Sixth Man of the Year – Taurean Prince
After joining Cleveland as part of the trade that brought in Allen from the Nets, Prince was producing on the Cavs’ bench. He played in 29 games, 23 off of the bench, before undergoing elective season-ending surgery to “clean up” his right ankle in April. For most of that month, Prince was a major contributor in minutes, points, and three-point shooting. Since joining the Cavaliers, Prince scored double-digits 15 times. His season-high of 25 points was against Charlotte on April 14. That night he shot 6-8 from three and 9-13 from the floor.
On the season with Cleveland, he averaged 10 points while hitting 41 percent from beyond the arc. From the floor, he connected on nearly 40 percent in 23 minutes per game. He also didn’t hurt the team, committing under two fouls and two turnovers per game. From the charity stripe, the former lottery pick from Baylor shot 83 percent.
Most Improved Player – Darius Garland
The second half of the Cavalier’s “Sex-Land” backcourt, Garland made a major step in his second year. His point production increased from 12.3 last season to 17.4. He grew as a facilitator as well, jump his assists average from almost four per game to six. Garland’s shooting percentages increased from the floor and beyond the arc to 45 percent and 39.5 percent respectively. His free throw percentage is still above 80 percent. Defensively he rates just ahead of Sexton and has a lot of upside moving forward. Continued growth from Garland could the Cavs chose him over Sexton, who is nearing the end of his rookie deal.
Biggest Disappointment – Kevin Love
Another season robbed by injury, Love has not lived up to fan or critic expectations on the court, though the front office is still committed to him. As mentioned above, the 2020-2021 season was among Love’s worst of his career. For the second season since his new deal in 2018, Love played fewer than 30 games. He did play every contest in the shortened 2019-2020 season. His point production dropped to 12 points per game while getting a career-low 24 minutes per game. His 40 percent shooting from the floor is the third-lowest in his 13 seasons. Love’s availability is now becoming an issue, and his averages are sliding. Just how valuable it is to hold onto the final piece of the team’s championship trio?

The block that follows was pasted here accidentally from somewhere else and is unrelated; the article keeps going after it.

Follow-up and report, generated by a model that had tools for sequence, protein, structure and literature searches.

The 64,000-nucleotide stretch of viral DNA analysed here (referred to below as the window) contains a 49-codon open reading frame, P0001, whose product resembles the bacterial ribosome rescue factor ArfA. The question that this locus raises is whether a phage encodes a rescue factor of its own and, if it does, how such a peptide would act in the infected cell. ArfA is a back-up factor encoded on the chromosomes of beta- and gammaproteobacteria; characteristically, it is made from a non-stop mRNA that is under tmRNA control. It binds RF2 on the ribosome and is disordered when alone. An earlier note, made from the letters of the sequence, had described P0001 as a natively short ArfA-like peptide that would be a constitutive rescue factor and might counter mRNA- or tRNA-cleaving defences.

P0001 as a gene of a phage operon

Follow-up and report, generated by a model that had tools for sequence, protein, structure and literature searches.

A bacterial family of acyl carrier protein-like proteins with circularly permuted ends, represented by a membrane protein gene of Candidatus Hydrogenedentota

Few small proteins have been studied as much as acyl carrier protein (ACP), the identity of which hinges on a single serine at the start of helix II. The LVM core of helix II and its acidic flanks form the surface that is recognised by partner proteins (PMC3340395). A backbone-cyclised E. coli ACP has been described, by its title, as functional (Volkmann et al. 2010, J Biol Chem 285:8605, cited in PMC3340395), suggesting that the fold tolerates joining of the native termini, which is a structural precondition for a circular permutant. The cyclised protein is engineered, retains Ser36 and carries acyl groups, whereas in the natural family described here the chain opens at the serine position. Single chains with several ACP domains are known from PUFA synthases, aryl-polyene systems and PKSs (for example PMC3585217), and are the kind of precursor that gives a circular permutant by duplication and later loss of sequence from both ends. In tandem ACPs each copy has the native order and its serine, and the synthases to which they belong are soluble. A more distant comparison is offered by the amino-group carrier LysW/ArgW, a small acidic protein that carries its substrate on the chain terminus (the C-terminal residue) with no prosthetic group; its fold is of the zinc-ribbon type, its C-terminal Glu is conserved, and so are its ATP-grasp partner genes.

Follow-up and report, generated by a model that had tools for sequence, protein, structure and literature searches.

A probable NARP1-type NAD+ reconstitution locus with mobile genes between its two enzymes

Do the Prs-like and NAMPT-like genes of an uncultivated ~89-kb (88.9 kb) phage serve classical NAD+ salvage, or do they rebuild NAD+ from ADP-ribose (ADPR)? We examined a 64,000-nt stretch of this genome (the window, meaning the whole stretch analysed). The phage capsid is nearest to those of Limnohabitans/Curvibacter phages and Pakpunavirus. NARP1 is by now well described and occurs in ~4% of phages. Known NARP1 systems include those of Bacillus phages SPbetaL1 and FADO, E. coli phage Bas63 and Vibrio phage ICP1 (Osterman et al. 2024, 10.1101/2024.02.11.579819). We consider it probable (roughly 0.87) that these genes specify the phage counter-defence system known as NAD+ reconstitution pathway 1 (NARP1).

For better or worse, Love is a part of the plan moving forward, which currently is one less decision that management has to make this offseason. Two priorities are the contracts of Allen and Sexton as their rookie deals wind down.
Allen is a restricted free agent this offseason with a current qualifying offer of $7.7 million required, according to Spotrac. There’s talk that a $100 million contract can be expected. Conversations on Sexton’s next contract will likely start in a similar ballpark, though his minimum qualifying offer is $8.5 million. Qualifying offers can be matched or exceeded by another team, which the Cavaliers would then have to decide to match or exceed in turn. That’s a lot to tie up in two players who aren’t quite All-Stars yet, especially given the need for additional help on the roster. A lot of that relies on the vision moving forward for the roster, which means head coach.
J.B. Bickerstaff is set to return in that role next season, though Koby Altman has shown no issue with firing personnel. Bickerstaff still has three more seasons remaining on his deal. Entering offseason free agency already $18.8 million above the salary cap, owner Dan Gilbert will have to decide how much he’s willing to continue to pay the luxury tax on a losing team, which could cause the team to change ownership. Short of a true star to play with the young talent, next season doesn’t project a much different result in the standings. Big decisions will be made. Whether it will be regarding ownership, management or players is yet to be seen, but there is a storm brewing.
Follow Jonas Clark on Twitter @jarkclonas